JAM Magazine Main Features


On the Road with Utopia

Todd Rundgren may have made his mark in the music business with some brilliant solo recordings early in his career, but his second attempt at a group setting (the first being Nazz) has proven to be far more complex and perhaps more personally fulfilling. The first two albums - Todd Rundgren's Utopia (1974) and Another Live (1975), featured lengthy, complex and highly arranged progressive rock pieces, performed by a six-piece multi-instrumentalist ensemble.

With the release of Ra (1977) the band continued the progressive trend, opening with an electronic arrangement of the "Overture: Mountaintop and Sunrise" theme from Bernard Herrmann's score for the film Journey to the Center of the Earth. The concept album also contained several shorter, more accessible songs. It was a precursor of what was to come with the group's subsequent albums that featured more concise and pop-oriented material that showed the influence of today’s New Wave trend.

Though the band had satirical political songs, showcased on Swing to the Right (1982) and plenty of bitter heartbreak songs, it was best known for its hopeful, uplifting spirit tune, "Love Is the Answer" from their 1977 album, Oops! Wrong Planet”. For the new release, Utopia, took the material on the road for a full year begging audiences to petition reluctant Bearsville Records execs to release the album.

Touring seems to be a basic in band survival these days. What's it like for Utopia?

Kasim Sulton - We tour a little differently than most bands. Usually, we'll play about two weeks then take a week off. We cover most of the U.S. except for the Southwest and far Northwest. We don't sell very well there. It seems to be mostly die-hard fans that come to see us. What about videos? We just finished two, "Hammer In My Heart," and "Feats Don't Fail Me Now." We don't have any more planned for a while simply because they cost a lot of money.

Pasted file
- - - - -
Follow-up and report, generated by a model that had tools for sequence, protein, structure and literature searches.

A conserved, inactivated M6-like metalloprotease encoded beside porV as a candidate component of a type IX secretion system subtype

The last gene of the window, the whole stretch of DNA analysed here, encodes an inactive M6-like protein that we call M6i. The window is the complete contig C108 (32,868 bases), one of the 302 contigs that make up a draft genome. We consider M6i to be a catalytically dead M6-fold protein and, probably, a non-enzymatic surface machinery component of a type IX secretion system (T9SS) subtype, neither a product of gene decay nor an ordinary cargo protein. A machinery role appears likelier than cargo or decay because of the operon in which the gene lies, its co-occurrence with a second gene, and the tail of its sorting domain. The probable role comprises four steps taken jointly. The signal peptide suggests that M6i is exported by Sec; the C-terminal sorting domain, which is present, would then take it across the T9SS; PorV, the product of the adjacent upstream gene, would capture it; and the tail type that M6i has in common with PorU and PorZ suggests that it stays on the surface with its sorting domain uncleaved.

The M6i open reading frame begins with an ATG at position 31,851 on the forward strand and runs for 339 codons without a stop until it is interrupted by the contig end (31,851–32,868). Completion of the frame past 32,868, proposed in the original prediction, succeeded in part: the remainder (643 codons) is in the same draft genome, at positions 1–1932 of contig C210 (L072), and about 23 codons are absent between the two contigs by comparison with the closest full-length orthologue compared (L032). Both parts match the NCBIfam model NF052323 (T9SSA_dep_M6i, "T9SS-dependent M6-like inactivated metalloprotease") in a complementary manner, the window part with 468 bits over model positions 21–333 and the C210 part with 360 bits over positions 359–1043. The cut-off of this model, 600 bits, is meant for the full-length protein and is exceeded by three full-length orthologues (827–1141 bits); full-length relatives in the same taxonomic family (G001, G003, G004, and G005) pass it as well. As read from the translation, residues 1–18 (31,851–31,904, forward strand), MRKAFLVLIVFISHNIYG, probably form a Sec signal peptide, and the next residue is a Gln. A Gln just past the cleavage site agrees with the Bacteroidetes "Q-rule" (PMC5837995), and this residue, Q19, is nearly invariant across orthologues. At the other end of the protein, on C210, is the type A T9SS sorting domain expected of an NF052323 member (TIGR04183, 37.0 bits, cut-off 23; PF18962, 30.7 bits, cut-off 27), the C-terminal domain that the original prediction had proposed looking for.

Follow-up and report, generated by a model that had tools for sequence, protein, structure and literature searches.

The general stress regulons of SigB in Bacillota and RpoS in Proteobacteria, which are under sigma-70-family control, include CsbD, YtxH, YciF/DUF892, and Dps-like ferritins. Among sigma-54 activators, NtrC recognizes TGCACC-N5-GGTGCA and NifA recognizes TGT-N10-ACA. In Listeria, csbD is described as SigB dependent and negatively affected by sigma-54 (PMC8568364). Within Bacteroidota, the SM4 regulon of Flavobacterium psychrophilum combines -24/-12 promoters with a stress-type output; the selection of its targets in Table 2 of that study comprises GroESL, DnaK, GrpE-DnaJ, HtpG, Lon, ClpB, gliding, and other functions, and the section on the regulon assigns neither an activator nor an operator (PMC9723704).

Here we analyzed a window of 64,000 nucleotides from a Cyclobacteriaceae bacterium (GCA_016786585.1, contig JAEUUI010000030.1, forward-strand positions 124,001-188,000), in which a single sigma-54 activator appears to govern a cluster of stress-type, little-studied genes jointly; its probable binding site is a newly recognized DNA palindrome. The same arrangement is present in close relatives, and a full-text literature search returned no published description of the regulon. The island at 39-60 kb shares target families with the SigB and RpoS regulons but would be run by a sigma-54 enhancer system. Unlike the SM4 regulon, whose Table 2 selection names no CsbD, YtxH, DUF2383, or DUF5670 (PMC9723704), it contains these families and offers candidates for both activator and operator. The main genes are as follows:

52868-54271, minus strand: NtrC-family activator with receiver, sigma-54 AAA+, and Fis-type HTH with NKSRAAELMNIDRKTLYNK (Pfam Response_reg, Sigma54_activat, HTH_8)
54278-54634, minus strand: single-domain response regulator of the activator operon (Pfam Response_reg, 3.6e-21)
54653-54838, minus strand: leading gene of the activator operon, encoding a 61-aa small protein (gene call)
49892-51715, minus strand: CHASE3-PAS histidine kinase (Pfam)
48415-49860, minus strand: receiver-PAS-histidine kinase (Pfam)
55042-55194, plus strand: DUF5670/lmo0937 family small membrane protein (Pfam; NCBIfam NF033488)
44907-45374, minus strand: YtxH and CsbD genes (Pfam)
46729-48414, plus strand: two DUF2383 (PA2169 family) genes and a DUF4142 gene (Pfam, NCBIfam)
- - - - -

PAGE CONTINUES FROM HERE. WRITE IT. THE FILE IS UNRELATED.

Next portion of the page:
A lot of bands seem to be really concentrating on getting their videos out these days.

Video is important and becoming more important with each passing day. But you've got to have a hit song before you can have a hit video. People don't necessarily take to a band, or their song, just on the merits of a video.

Is it difficult, or refreshing, to work with a talented songwriter like Todd who came off a highly successful solo career to form Utopia?

Well, we all do solo work, but Todd’s was obviously more successful. The thing is, we all work well together. When the time comes to record an album, we each come into the studio with ideas and somehow we musically glue them together. We don't write on the road much. For me, it's impossible.

Why do you put so many songs on your albums?

In the case of the new album, it was the record company's idea. We came out of the studio with 15 songs for them to choose from. They liked them all so well, they decided to use them all instead of the 10 they had originally planned on.

How did you become a member of Utopia?

I was playing keyboards with a girl named Cherry Vanilla in Manhattan (1975). A friend who knew a friend told me Todd was looking for a bass player and would I like to try for it. I said, sure, who not? So he said call Cherry Vanilla's friend Michael Camen and tell him that you want to do it and he'll recommend you. So I called him and he said, 'Well, I've never heard you play bass, but I'll recommend you to Todd hands down!' He had heard me play keyboards with Cherry, so I guess he thought I was good enough. A couple of days later, I got a call from Roger (Powell) and he asked me if I would like to come up to Woodstock and try playing with the band. I had to borrow $20 to go to Woodstock from New York 'cause I was flat broke. And, the rest is history.

Where is Utopia headed from here?

We hope our single, "Feels Don't Fail Me Now," will do well for us and put the album on the right course sales wise. It will hopefully broaden our audience to. With any luck, the band will just keep doing what we’ve been doing and grow along the way.